It is extremely important that a malpractice attorney be well versed in the law of medical malpractice and has substantial experience in the field. Before such a lawyer or attorney is approached, it is necessary to have a knowledge of the previous cases they have attended to, whether or not they have formed a specialization in your type of injury, the number of cases they have taken to court, and the number they have settled out of court.
Having a specialization in a specific type of injury is important because the laws regarding a birth defect may be different from the laws regarding a brain injury or condition of the heart.
Medical Malpractice Litigation
It is a fact that most cases and claims related to medical malpractice will eventually be settled before trial out of court. However, this does not mean that one should hire a medical malpractice attorney before one makes sure that he or she will have the skills to go before a jury on your behalf.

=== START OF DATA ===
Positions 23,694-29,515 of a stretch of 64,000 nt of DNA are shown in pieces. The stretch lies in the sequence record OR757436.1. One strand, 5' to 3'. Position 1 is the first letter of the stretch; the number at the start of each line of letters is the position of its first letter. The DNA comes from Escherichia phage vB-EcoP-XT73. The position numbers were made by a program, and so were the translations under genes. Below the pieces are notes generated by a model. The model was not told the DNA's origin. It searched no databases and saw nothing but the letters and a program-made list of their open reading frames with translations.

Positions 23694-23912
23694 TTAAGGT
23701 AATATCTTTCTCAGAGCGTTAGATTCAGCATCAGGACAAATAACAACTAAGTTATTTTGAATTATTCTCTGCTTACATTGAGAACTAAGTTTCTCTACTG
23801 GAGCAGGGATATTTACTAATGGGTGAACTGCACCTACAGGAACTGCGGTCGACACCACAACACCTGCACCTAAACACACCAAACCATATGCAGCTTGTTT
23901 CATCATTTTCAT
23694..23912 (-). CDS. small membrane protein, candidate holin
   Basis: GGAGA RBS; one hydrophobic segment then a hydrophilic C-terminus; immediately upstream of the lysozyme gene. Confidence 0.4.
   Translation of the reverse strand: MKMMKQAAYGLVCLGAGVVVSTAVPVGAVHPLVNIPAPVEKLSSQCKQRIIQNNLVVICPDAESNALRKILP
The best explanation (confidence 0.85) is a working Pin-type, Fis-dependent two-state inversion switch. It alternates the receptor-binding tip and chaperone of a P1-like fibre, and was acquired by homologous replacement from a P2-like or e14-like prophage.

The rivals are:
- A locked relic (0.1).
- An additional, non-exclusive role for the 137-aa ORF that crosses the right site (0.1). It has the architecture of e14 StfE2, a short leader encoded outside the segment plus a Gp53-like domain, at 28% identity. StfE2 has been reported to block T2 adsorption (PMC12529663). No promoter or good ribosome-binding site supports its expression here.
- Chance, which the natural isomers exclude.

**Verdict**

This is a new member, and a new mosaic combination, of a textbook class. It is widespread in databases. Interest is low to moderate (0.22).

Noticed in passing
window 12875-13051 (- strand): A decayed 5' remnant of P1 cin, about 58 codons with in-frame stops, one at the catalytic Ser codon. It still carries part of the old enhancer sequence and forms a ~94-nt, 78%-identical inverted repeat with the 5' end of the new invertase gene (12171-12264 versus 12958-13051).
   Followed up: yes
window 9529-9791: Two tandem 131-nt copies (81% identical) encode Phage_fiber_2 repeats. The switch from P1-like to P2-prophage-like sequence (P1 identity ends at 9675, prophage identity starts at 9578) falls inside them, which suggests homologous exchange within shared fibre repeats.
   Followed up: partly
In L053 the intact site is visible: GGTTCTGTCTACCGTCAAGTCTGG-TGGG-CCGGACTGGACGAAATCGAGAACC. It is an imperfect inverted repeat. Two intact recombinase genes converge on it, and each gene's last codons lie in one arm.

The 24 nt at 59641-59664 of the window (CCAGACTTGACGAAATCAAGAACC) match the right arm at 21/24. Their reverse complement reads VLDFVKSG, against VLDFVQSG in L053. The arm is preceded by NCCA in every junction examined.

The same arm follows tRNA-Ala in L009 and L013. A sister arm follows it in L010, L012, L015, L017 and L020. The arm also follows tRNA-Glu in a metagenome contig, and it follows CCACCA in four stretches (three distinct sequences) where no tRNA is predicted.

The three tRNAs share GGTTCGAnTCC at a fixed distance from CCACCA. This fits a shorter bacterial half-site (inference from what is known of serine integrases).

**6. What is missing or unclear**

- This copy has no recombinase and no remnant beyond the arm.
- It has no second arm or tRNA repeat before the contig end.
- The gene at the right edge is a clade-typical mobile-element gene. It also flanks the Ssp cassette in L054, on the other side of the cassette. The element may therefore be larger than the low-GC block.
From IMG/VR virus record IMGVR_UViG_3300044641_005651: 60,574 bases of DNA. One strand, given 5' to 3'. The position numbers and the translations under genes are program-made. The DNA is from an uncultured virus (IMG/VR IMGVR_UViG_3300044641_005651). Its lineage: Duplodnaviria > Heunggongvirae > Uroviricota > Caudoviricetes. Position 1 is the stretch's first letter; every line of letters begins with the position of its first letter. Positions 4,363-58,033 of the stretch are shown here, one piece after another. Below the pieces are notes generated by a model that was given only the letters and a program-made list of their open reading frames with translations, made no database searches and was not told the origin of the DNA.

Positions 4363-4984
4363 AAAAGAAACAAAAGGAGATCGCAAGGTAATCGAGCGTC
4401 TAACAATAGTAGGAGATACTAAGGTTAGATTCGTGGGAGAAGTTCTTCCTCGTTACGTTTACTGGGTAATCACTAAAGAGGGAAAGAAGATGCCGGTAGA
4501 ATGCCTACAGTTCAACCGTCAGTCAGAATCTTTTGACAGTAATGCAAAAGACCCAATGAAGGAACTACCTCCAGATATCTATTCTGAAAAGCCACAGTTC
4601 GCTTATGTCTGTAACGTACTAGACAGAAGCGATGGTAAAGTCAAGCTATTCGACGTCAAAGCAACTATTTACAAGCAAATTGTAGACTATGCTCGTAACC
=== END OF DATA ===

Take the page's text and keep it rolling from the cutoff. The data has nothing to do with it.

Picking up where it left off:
Beyond this fact, insurance companies are going to find out all that they can about your attorney’s strengths, habits, and weaknesses before there is any chance of going to a trial, and they will have background information over whether they are dealing with the kind of lawyer who is attuned toward settling cases versus taking them to trial. This matters because one risks winning a smaller settlement if the insurance company does not see one’s lawyer as a force to be reckoned with.
Verifying a Lawyer’s Credentials
It is also wise to look into the records with the state bar in addition to the Better Business Bureau so one can be sure that there is not a history of claims or complaints filed against the attorney one is considering. Finally, it is a good idea to look into the references of an attorney before hiring him or her to represent one’s grievances in court.
Additional Frequently Asked Questions
- How Would a Doctor Testify Against Another Doctor in a Malpractice Lawsuit?
- Can Nurses, Anesthesiologists Or Other Healthcare Providers Be Sued For Malpractice?
- Can You File a Medical Malpractice Lawsuit Against Someone Other Than a Doctor?
- What Does “Preponderance of the Evidence” in Relation to Medical Malpractice Mean?
- What Do I Need to Do Before I Call a Medical Malpractice Lawyer and Open a Claim?